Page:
SBI's chief economic adviser Ghosh, however, believes that urgent measures are needed to boost the agrarian and rural economy. "We believe that the biggest lacuna in the system is lack of systematic approach towards... agricultural marketing. To aid the farmers, the government is currently promoting Farmer Producer Organisations (FPOs) that enable farmers to enhance productivity through efficient, cost-effective and sustainable resource use and realize higher returns for their produce. FPOs are more like collective association of SHGs (self-help groups) and the government can make a beginning with such a model," he notes. Ghosh also maintains that the agriculture sector needs an immediate price intervention and subsequent better price discovery for the farmers. "Agriculture prices continue to remain depressed and it is not clear how the MSP may lift prices in the absence of an effective procurement scheme. The recent procurement scheme launched by the government seems to have made a sedate beginning. Our estimates show that an income support scheme like Telangana (has) may be rolled out in states like Bihar, Assam, Chhattisgarh, Haryana, Punjab, Jharkhand and Uttarakhand, where the cost is not prohibitive."

Indranil Sengupta, Chief Economist, India, Bank of America Merrill Lynch, suggests that solving the liquidity crisis can go a long way in minimising the effects of a slowdown. "The biggest problem we face today is high lending rates," he says. The traditional Indian response to a global slowdown has been to ease rates and spur domestic demand. But in the current slowdown (from 2011 onwards) we've had very high rates, he says. "As a result, we have two problems. One, there is unsatisfied credit demand because often credit demand tends to be higher than the supply, which is why you have high lending rates. Two, you generate NPAs, especially so in the infrastructure sector where gestation is much longer. So from a 2018 perspective, we are facing a liquidity crunch."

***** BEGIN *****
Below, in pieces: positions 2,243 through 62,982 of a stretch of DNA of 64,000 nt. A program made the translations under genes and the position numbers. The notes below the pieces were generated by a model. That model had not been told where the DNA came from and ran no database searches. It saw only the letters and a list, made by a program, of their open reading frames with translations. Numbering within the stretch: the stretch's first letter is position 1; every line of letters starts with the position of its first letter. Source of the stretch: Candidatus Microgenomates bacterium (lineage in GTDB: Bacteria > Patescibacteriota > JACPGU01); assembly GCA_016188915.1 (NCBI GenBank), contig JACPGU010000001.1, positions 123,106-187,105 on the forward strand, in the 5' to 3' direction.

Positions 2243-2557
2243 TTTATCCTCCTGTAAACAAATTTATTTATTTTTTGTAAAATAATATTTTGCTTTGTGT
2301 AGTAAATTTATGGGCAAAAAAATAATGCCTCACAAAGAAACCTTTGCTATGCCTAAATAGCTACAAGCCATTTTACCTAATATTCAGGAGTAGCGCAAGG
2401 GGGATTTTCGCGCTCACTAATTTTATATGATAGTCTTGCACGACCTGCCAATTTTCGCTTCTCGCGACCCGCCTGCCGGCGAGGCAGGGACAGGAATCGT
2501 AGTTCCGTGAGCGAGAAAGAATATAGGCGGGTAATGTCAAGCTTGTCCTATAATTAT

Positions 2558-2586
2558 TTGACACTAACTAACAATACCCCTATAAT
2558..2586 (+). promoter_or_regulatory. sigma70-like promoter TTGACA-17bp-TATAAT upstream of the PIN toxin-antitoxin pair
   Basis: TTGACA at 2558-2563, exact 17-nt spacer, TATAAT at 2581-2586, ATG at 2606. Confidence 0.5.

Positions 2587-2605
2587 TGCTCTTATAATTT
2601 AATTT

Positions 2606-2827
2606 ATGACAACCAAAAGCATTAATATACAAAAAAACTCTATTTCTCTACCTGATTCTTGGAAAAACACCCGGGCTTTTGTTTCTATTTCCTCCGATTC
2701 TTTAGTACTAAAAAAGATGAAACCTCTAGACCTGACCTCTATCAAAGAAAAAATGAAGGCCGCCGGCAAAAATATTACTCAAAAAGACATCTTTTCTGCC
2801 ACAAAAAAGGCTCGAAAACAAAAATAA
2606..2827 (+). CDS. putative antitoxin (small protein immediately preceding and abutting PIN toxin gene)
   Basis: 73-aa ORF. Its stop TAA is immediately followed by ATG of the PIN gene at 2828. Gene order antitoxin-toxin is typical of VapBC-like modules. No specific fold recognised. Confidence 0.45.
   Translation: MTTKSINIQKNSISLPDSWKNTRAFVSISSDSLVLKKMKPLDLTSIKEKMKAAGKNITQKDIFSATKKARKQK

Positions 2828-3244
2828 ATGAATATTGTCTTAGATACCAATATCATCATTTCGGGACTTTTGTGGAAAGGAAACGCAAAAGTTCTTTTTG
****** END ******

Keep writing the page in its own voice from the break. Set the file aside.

In an election year, private sector investments are typically put on hold until clarity on the new government emerges. The outgoing government, on the other hand, tends to spend more in a bid to impress voters. With private consumption growth beginning to stabilise, exports may be the only growth driver that can make a difference in the short term. How much of a difference it can make depends on the enabling factors. External demand seems to be moderate, and competitiveness alone is going to drive the growth push. But can the government ease credit facilities to exporters and how fast can its trade facilitation measures improve?

Financial services firm Edelweiss Securities has advice for investors. "Don't split hairs on India's macro earnings, valuations, etc.", its India Strategy 2019 report states. "Split 2019 into two halves. The first when global macros, noise around election build-up and theatrical interpretations of exit polls will make market and stock calling even more of a mug's game; one should play safe. The second half should be a return to a more optimistic normal - with a more risk-neutral corporate sector and an opportunity to ride a more buoyant, but a long-time-coming business cycle."

The second half should be a smoother ride, Edelweiss concludes. For the markets, perhaps, yes. But for the real economy, it's too early to conclude. Though if crude prices soften further, and the pressure on government finances gets resolved, the economy could once again start improving. All it needs is a bit of luck.